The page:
¶6 It is our opinion that the position of the plaintiff is not tenable and that the statute was not tolled during the absence of the defendant from the state of Oklahoma; this for the reason that defendant could have been served with process and a personal judgment rendered under section 9788, Okla, Stats. 1,931, the applicable portion of which is as follows:

"* * * And in case any domestic or foreign corporation shall remove from the state * * * it shah be lawful to serve any such corporation, its officers, directors, or trustees, by service upon the Secretary of State, and such service shall be as effective to all intent and purposes as if made upon the president or head officer of such corporation, or on the directors or managers of the affairs of such corporation, or the trustees thereof as hereinbefore designated. * * *"

¶7 The test as to whether the statute is tolled or not seems to be whether it is possible at all times to obtain service of process upon a foreign corporation, upon which a personal judgment could be rendered, even though the foreign corporation is absent from the state and a nonresident of the state. This question seems to be decided in the case of St. Louis & S. F. R. Co. v. Taliaferro, 67 Okla. 37, 168 P. 788, wherein the court, in construing section 4660. Rev. Laws 1910 (section 104, Okla. Stats. 19-31) which is as follows:

"If, when a cause of action accrues against a person, he be out of the state, or has absconded or concealed himself, the period limited for the commencement of the action shall not begin to run until he comes into the state, or while he is so absconded or concealed; and if, after the cause of action accrues, he depart from the state, or abscond, or conceal himself, the time of his absence or concealment shah not be computed as any part of the period within which the action must be brought"

--said:

"A corporation can do nothing anywhere nor manifest its presence or being at all, except through its agents, its property, or its operation, For a foreign corporation, then, to be a nonresident of the state, or out of the state, in the sense of the statute, it must be out of the state in such sense as to render it impracticable at all times to obtain service of process upon it."

¶8 The plaintiff can hardly say that she was hampered in the enforcement of her lights by the absence of _the defendant from the state of Oklahoma during the time alleged in plaintiff's petition, and that the statute of limitation should be tolled for such period of time, for the reason that her petition discloses that on several occasions during said absence, she filed suit against said defendant and issues were joined in said actions by the filing of an answer by the defendant.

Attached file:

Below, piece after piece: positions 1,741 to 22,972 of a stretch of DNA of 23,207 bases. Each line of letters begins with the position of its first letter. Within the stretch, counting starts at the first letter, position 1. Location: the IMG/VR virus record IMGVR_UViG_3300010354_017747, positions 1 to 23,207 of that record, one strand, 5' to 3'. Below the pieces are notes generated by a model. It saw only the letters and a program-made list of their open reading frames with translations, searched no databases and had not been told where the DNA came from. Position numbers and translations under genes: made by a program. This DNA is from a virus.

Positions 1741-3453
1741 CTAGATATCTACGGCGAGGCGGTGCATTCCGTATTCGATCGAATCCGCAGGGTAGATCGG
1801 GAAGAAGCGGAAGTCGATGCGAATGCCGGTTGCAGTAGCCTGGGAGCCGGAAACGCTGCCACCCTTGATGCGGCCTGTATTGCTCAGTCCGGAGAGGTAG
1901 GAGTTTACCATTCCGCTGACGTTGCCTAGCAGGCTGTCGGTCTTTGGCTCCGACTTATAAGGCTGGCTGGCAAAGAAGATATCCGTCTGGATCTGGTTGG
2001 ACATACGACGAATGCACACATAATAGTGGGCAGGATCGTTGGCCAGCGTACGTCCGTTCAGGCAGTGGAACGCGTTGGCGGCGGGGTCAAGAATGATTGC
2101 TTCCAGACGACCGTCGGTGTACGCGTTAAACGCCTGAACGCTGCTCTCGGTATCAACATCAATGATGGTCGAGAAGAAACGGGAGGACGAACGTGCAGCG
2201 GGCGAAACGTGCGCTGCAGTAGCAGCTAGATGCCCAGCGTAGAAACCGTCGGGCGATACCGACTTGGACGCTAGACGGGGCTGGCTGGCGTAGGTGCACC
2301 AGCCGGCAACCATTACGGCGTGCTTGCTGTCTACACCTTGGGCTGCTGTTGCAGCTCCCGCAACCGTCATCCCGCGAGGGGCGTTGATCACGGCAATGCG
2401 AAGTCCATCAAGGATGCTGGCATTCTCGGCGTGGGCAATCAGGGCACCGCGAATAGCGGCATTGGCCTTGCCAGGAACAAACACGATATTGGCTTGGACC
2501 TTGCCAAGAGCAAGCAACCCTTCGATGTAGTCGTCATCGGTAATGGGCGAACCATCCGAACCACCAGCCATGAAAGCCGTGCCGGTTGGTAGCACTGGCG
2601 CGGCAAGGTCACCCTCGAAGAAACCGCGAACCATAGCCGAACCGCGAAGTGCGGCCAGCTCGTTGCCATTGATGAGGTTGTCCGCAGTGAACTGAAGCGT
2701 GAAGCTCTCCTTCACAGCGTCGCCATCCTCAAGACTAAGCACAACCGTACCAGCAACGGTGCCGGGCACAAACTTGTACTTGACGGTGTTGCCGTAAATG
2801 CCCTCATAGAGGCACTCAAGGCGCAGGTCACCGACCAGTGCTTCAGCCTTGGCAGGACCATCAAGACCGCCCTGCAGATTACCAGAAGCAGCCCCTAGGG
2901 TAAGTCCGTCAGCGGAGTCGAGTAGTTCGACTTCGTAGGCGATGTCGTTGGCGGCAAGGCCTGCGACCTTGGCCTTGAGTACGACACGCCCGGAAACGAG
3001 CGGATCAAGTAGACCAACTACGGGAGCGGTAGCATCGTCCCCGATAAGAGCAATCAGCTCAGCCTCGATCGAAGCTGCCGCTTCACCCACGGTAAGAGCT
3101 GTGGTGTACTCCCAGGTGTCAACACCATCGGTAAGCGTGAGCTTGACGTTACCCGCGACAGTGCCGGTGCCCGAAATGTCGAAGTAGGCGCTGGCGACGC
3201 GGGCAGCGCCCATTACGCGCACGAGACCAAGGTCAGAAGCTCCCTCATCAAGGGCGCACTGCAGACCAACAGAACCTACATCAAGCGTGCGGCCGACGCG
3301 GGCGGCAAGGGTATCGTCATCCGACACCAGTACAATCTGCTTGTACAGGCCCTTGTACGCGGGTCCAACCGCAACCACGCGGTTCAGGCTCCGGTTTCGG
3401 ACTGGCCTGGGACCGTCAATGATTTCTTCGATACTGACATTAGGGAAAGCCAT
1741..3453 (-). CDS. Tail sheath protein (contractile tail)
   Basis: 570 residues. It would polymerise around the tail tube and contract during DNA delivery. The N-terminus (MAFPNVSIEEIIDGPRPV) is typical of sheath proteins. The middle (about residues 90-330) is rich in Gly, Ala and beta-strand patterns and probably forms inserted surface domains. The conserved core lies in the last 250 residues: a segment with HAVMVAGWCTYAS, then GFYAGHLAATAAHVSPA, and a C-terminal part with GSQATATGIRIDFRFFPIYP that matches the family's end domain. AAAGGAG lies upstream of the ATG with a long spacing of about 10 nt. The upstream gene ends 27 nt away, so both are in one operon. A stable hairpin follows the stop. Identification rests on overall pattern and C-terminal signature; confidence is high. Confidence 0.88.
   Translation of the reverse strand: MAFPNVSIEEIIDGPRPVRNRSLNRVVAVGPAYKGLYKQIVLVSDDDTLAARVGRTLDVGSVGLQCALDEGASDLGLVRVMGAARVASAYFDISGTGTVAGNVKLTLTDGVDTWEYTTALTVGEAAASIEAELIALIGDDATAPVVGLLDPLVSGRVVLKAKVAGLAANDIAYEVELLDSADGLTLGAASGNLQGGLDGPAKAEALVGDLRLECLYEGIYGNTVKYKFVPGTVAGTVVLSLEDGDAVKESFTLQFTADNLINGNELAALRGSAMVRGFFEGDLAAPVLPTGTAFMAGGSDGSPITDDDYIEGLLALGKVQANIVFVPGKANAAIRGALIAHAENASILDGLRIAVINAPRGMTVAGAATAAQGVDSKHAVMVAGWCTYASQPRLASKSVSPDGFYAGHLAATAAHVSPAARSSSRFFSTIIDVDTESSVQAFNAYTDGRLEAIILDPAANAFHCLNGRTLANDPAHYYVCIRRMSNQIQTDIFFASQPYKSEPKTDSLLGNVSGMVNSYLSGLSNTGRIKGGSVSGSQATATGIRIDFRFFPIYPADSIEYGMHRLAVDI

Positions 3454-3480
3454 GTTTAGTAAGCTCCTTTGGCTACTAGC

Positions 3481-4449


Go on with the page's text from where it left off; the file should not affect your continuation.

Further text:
¶9 The remaining question is whether a party, after having filed an action and failing in the same, otherwise than upon the merits, and having taken advantage of section 106, Okla. Stats. 1931, which reads as follows:

"If any action be commenced within due time, and a Judgment thereon for the plaintiff be reversed, or if the plaintiff fail in such action otherwise than upon the merits, and the time limited for the same shall have expired, the plaintiff, or, if he die, and the cause of action survive, his representatives, may commence a new action within one year after the reversal or failure"

--by filing a subsequent action between the same parties and involving the same subject matter, is entitled to dismiss the subsequent action and file a new action within one year thereafter, but more than one year after the dismissal of the original action. This question does not seem to have been passed upon by this court.

¶10 It will be noted that section 106 uses the words "may commence a new action within one year." This would seem to mean that only one action is allowable under the protection of section 106. The Supreme Court of Kansas, in the case of Denton v. City of Atchison, 90 P. 764, in construing a statute identical with our section 106, said:

"A plaintiff who brings an action within the statutory period of limitation and dismisses the same without prejudice after the limitation has expired, may bring a new action within one year after such dismissal under section 23 of the Civil Code of Procedure; but where the new action is dismissed more than one year after the first dismissal, that section is no authority for the bringing of another new action."

¶11 To the same effect are the cases of Bush v. Cole, I Ohio App. 269; Hunter v. Ward, 15 F.2d 843 construing a similar statute from the state of Arkansas; Morrow v. Atlantic & C. Air Line Ry. Co. (S. C.) 66 S.E. 186; Reed v. Cincinnati, N. O. & T. P. Ry. Co. (Tenn.) 190 S.W. 458.

¶12 We are of the opinion that the intent of the Legislature was that only one action might be brought under section 106, Okla. Stats. 1931, and that the rule as announced in the above-cited decisions should be followed in this jurisdiction.

¶13 It follows that the judgment of the trial court should be affirmed.

¶14 The Supreme Court acknowledges the aid of Attorneys Logan Stephenson, William M. Taylor, and Clarence A. Warren in the preparation of this opinion. These attorneys constituted an advisory committee selected by the State Bar, appointed by the Judicial Council, and approved by the Supreme Court. After the analysis of law and facts was prepared by Mr. Stephenson, and approved by Mr. Taylor and Mr. Warren, the cause was assigned to a Justice of this court for examination and report to the court. Thereafter, upon consideration, this opinion was adopted.